A seductive android, New York’s most happening Saint Death party, and an Alice Walker-narrated documentary about a matriarchal culture in the last nation in the Americas to abolish slavery. This is a small sampling of the Philadelphia Latino Film Festival, which is going virtual for its ninth annual celebration of Latinx stories and filmmakers.
For us, by us
“The Philadelphia Latino Film Festival is the only Latino festival in the city of Philadelphia showcasing films from countries like Panama to Brazil, the Dominican Republic, Venezuela, Puerto Rico and more,” said Laiza Montañez, communications director for the festival. “This festival brings together stories made by us, for us about the struggles of life, the beauty of our culture, and the cinematic brilliance of our people.”
From June 4-7, the festival is free and available online. Though it is available to moviegoers everywhere, Montañez notes that selected films will only be available to festival-goers in Philadelphia.
Fortunately, there are no limits on who can check out Ana Adore, a sci-fi drama about a recently uncoupled man who finds love with an android that becomes sentient. Hasta Domingo Soy Gringo is another short film with a futuristic bend, featuring two siblings trying to teleport their way home from a distant world before their mom discovers their misadventure.
This year’s programming features several short and full-length stories led by trans protagonists and subjects, including La Flaca (The Bony Lady). A short-form documentary, La Flaca follows Arely Vazquez, a Mexican transgender woman and leader of the Saint Death Cult in Queens, as she plans the tenth annual celebration of Nuestra Señora de la Santa Muerte (Saint Death, whom Arely lovingly refers to as the Bony Lady). La Flaca joins festival entries Vuelta Al Sol (Birthday Boy), a narrative short about a boy who has to choose between making his parents happy or living into his identity as a trans man during his birthday party, and full-length documentary Rainha de Lapa (Queen of Lapa), which introduces audiences to trans actress, cabaret performer, activist, and sex worker Luana Muniz. Loud and proud Muniz defends the lives and livelihoods of her community during an increasingly hostile political era in Brazil.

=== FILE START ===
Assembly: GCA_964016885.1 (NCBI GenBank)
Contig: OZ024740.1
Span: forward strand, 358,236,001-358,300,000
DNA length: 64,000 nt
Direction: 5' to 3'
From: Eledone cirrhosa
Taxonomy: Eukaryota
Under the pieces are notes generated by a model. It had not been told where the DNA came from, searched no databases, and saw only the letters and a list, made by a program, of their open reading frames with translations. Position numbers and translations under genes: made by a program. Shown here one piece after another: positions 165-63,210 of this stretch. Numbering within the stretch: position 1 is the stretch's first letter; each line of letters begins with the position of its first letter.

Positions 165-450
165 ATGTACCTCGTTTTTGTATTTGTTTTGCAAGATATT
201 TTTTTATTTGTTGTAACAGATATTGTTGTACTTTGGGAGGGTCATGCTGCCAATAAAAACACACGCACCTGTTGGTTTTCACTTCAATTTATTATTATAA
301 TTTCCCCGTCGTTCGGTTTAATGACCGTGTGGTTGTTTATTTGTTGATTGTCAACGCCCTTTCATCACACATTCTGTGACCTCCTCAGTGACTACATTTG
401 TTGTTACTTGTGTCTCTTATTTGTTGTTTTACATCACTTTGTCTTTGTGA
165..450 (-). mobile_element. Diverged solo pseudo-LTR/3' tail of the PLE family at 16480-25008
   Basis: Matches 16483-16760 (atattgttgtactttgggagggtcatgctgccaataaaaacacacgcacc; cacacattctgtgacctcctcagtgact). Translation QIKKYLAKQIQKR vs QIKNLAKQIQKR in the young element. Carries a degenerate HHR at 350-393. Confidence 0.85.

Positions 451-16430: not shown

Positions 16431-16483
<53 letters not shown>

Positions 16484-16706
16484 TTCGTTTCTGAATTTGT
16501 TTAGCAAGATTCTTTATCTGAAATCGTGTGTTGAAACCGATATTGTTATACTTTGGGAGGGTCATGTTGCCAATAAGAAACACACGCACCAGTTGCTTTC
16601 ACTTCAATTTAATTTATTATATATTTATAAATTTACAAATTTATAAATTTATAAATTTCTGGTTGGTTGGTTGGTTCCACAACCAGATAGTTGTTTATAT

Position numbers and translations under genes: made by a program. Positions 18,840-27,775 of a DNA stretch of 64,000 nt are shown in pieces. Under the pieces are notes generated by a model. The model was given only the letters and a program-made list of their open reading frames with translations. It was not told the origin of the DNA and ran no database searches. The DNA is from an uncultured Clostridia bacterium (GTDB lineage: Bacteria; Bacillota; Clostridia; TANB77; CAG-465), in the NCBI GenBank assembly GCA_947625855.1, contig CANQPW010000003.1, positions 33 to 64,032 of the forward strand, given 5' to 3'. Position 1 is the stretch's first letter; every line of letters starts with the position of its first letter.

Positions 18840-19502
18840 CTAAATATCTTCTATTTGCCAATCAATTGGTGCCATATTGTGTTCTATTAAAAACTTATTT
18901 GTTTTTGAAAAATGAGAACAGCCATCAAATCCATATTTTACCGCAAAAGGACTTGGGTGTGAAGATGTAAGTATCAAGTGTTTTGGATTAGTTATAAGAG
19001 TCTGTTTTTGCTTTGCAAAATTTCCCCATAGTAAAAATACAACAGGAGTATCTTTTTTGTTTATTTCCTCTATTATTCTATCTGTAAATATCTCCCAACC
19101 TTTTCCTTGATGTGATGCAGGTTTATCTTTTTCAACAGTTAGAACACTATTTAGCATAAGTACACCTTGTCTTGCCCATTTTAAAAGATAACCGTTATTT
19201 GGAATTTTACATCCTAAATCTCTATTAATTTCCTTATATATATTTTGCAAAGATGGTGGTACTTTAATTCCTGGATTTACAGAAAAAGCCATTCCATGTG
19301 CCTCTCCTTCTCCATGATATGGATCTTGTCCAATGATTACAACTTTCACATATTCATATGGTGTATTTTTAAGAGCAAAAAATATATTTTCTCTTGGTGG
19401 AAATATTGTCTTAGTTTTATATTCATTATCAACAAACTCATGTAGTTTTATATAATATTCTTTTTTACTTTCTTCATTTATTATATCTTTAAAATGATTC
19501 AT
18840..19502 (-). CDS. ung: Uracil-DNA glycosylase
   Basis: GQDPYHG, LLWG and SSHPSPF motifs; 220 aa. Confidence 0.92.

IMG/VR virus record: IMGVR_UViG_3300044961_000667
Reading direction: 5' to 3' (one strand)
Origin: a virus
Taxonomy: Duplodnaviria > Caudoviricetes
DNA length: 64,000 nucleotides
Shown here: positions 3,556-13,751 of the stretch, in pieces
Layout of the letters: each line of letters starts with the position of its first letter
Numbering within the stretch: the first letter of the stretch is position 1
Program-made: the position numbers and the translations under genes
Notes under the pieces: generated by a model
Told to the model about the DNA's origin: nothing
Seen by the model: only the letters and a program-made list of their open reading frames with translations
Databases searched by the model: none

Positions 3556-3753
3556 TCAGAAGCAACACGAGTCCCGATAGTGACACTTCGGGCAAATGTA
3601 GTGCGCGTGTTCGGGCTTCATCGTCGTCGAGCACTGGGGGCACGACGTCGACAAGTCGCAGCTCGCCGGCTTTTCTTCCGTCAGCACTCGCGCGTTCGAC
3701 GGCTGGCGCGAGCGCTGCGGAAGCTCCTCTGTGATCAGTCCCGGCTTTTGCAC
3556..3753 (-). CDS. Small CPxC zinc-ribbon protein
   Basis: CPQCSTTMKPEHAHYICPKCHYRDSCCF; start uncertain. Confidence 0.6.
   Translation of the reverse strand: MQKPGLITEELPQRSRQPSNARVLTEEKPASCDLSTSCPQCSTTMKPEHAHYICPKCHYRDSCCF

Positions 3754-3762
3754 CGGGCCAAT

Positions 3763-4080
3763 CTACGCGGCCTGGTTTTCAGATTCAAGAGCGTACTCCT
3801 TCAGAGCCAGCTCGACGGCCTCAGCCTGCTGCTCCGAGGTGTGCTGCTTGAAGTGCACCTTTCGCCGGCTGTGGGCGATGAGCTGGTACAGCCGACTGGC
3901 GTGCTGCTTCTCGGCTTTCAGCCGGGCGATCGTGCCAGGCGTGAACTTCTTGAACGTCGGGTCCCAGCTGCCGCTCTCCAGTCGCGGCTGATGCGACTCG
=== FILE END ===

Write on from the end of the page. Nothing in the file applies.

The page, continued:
Philly film lovers will want to check out PHLAFF’s full slate of international feature-length documentaries for 2020, like Apátrida (Stateless), which explores the history behind the state-sanctioned racism that prompted the Dominican Republic’s Supreme Court to invalidate the citizenship of 200,000 people born to Haitian parents in 2013. Then there’s Yemanjá: Wisdom From The African Heart of Brazil, a beautifully-shot film narrated by writer Alice Walker. Yemanjá looks at the Afro-Brazilian culture called Candomblé, led by women and rooted in rituals and spiritual practices that have survived social struggles and the slave trade that brought their enslaved African ancestors to Brazil’s shores.
While many Philadelphians may be eager to escape into the formulaic stories of Netflix and other streaming services this weekend, they would be better served and inspired by the films of the 2020 Philadelphia Latino Film Festival.
What, When, Where:
The Ninth Annual Philadelphia Latino Film Festival takes place June 4-7, 2020 online. Films are free to all participants (some films have limited availability to viewers in the Philadelphia area).